There was once a point in our lives when social media was considered a luxury. But times have changed.
Now it’s a necessity.
Not to sound self-centered, but I feel like I’ve always fallen into that age group that social media analysts cater to. In fact, at one point, I was the age group. Facebook was created in 2004, and, since we’ve all seen The Social Network, we know that it took about a year to really take off.
I began college in September of 2005. So I was really the first class of college freshman to enter university life when Facebook was at full steam. I perfectly remember that summer before college, and even the last few months of high school prior to that, when all my classmates were telling me that I needed to create a Facebook account, because it would be a great way to network with my fellow undergrads.
Obviously it was the first I’ve ever heard of Facebook, but I created one and have never looked back.
Facebook has obviously become a lot much more than a university networking tool, and people of all ages now have their own accounts. I’d say it was about 2010 when everyone in the world realized they had an obligation to get onto Facebook.
Twitter has gone the same route. I created my Twitter account sometime around 2009, and have increased my utilization of it ever since. I’m not quite sure if it’s gotten to that point yet where everybody needs to be on it, but it’s close. And at the very least, I think everybody at least understands the enormous significance that Twitter has on our society.
For the most part, though, especially for the younger crowd, Twitter has lost its “luxury” label and become a “necessity.” If you don’t have a Twitter account, you’re going to fall behind in the world.
And those things are fine with me. As I said, I’m Generation Y, I’m hip, I’m up to date. If the world is moving to Facebook and Twitter, then I’m right there with it.
The thing that does trouble me, though, is that Instagram may be following — and soon.
It used be that things took months to become popular. But now, in this era, it takes days. Sometimes hours. And I’ve recently begun to notice the widespread usage of Instagram. I see people take photos, and within seconds, they’ll mention about how they’re posting it on Instagram.
It used to be that when you took a photo, you’d have to wait until you filled up your camera roll, then take it to your local one-hour-photo booth at CVS to have them exposed.
Then we all got digital cameras, and we only had to wait until we got home so we could upload it to our computers.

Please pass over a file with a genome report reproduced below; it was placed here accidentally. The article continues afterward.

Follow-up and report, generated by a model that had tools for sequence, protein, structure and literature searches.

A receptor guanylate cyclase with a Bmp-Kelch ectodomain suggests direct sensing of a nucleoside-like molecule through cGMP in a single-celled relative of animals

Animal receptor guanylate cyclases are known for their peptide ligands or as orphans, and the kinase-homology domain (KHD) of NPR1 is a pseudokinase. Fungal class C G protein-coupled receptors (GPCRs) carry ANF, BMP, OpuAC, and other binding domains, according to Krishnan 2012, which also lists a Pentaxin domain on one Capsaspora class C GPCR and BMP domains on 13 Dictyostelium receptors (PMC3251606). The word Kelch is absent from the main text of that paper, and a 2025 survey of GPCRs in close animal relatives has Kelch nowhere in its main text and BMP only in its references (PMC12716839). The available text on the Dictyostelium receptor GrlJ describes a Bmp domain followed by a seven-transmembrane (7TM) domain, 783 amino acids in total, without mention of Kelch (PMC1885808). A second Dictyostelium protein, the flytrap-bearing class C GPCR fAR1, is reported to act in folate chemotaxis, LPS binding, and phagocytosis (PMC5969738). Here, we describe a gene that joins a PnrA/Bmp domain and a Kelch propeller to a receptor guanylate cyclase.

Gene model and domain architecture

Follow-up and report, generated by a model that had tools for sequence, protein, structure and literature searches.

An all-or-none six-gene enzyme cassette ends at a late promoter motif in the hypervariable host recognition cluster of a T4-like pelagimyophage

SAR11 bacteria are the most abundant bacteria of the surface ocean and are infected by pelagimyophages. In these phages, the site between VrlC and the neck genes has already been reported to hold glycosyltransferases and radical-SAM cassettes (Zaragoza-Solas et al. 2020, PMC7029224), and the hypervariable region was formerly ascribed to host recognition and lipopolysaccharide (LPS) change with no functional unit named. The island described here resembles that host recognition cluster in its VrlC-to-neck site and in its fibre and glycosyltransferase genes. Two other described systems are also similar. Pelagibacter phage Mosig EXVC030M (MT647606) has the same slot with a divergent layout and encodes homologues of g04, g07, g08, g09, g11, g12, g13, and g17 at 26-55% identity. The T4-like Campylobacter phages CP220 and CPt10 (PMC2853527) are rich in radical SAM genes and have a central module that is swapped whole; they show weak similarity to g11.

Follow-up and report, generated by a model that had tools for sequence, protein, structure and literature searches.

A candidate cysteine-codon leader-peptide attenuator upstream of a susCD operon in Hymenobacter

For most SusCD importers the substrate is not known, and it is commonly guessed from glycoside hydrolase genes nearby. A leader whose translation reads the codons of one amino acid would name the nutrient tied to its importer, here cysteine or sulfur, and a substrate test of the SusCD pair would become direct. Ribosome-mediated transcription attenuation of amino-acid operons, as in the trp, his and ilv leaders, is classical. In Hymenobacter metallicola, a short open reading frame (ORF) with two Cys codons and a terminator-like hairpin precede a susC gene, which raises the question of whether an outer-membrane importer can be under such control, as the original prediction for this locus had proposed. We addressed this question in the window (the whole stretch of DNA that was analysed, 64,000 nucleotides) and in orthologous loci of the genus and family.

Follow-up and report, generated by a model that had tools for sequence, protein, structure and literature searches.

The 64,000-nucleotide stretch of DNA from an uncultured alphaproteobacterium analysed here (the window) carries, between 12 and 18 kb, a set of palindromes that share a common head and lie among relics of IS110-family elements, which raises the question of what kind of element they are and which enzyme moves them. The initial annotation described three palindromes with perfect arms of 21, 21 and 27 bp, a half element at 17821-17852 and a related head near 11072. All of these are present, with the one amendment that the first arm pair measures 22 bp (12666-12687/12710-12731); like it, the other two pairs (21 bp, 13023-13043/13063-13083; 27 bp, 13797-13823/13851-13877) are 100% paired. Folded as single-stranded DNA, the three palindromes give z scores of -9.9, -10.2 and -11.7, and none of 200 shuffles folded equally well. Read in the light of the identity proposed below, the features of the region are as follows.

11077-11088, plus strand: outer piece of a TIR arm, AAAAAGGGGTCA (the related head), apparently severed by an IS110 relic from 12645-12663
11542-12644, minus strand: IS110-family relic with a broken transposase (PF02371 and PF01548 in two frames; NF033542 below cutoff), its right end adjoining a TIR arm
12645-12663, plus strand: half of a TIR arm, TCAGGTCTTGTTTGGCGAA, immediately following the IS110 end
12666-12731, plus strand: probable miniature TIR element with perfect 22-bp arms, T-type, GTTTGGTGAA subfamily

Then we all got smart phones, and we were able to take the photos, and upload them to Facebook at the appropriate time.
But now Instagram has claimed dominance over photographs, and if you take a photo, you have to get that shit up within a nanosecond after you snap it.
I actually had a conversation today with somebody, and upon me telling them that I lack an Instagram handle, they responded, “You have to make one. It’ll change your life.”
It will change my life.
When somebody tells you that, you know it only means one things — It’s here, and it’s here to stay.
So I’m actually contemplating creating an Instagram account now. And don’t get me wrong, I certainly don’t think it’s stupid. I want to make that clear. I’ve actually sort of started to gain a slight appreciation for photography recently, so I don’t think I’d have any problems adjusting to Instagram.
I also like taking pictures, just in general. No I don’t try to nail down the perfect angles or the perfect shadow and light manipulation — I’m just a fan of capturing the moment. If I’m having a good time in a fun place, I like to snap a photo that encapsulates that experience. Then when I’m bored, I can flip through my camera photos and recollect on all the good times I’ve had in previous months. It’s the nostalgic side of me.
And that’s exactly what Instagram is for — capturing the moment. Except instead of enjoying it solely on your own phone, you’re sharing it with the world. But it’s not like Facebook where you’re posting photos and having it blend in among other people’s statuses, check-ins and YouTube recommendations. On Instagram, it’s photos, and only photos.
But I’m not sure how I feel about all these filters and color changes. Because by altering and editing a photo, then you’re taking away all of those things that I just said. You’re violating the magic of the moment that you were experiencing. To me, capturing the moment in a photo isn’t about having the perfect-looking image, but rather — it’s about having a memory implanted in time. When it was happening in real life, were you experiencing it through a filter? I don’t think so.
So that’s really the one thing that is making me reluctant to join Instagram just yet. Seeing all of those manipulated photos would infuriate me.
Who knows, maybe I’m a hypocrite and I’ll grow to love the filters. But that’s how I feel about it right now.
Can you imagine if I could use the equivalent of a filter on my blog? I’d type out what I have to say, and then use a “filter” to completely change and edit my words to make it sound more pleasing to others?
What would you guys prefer? Me, or some better, altered version of me?
Actually, don’t answer that question.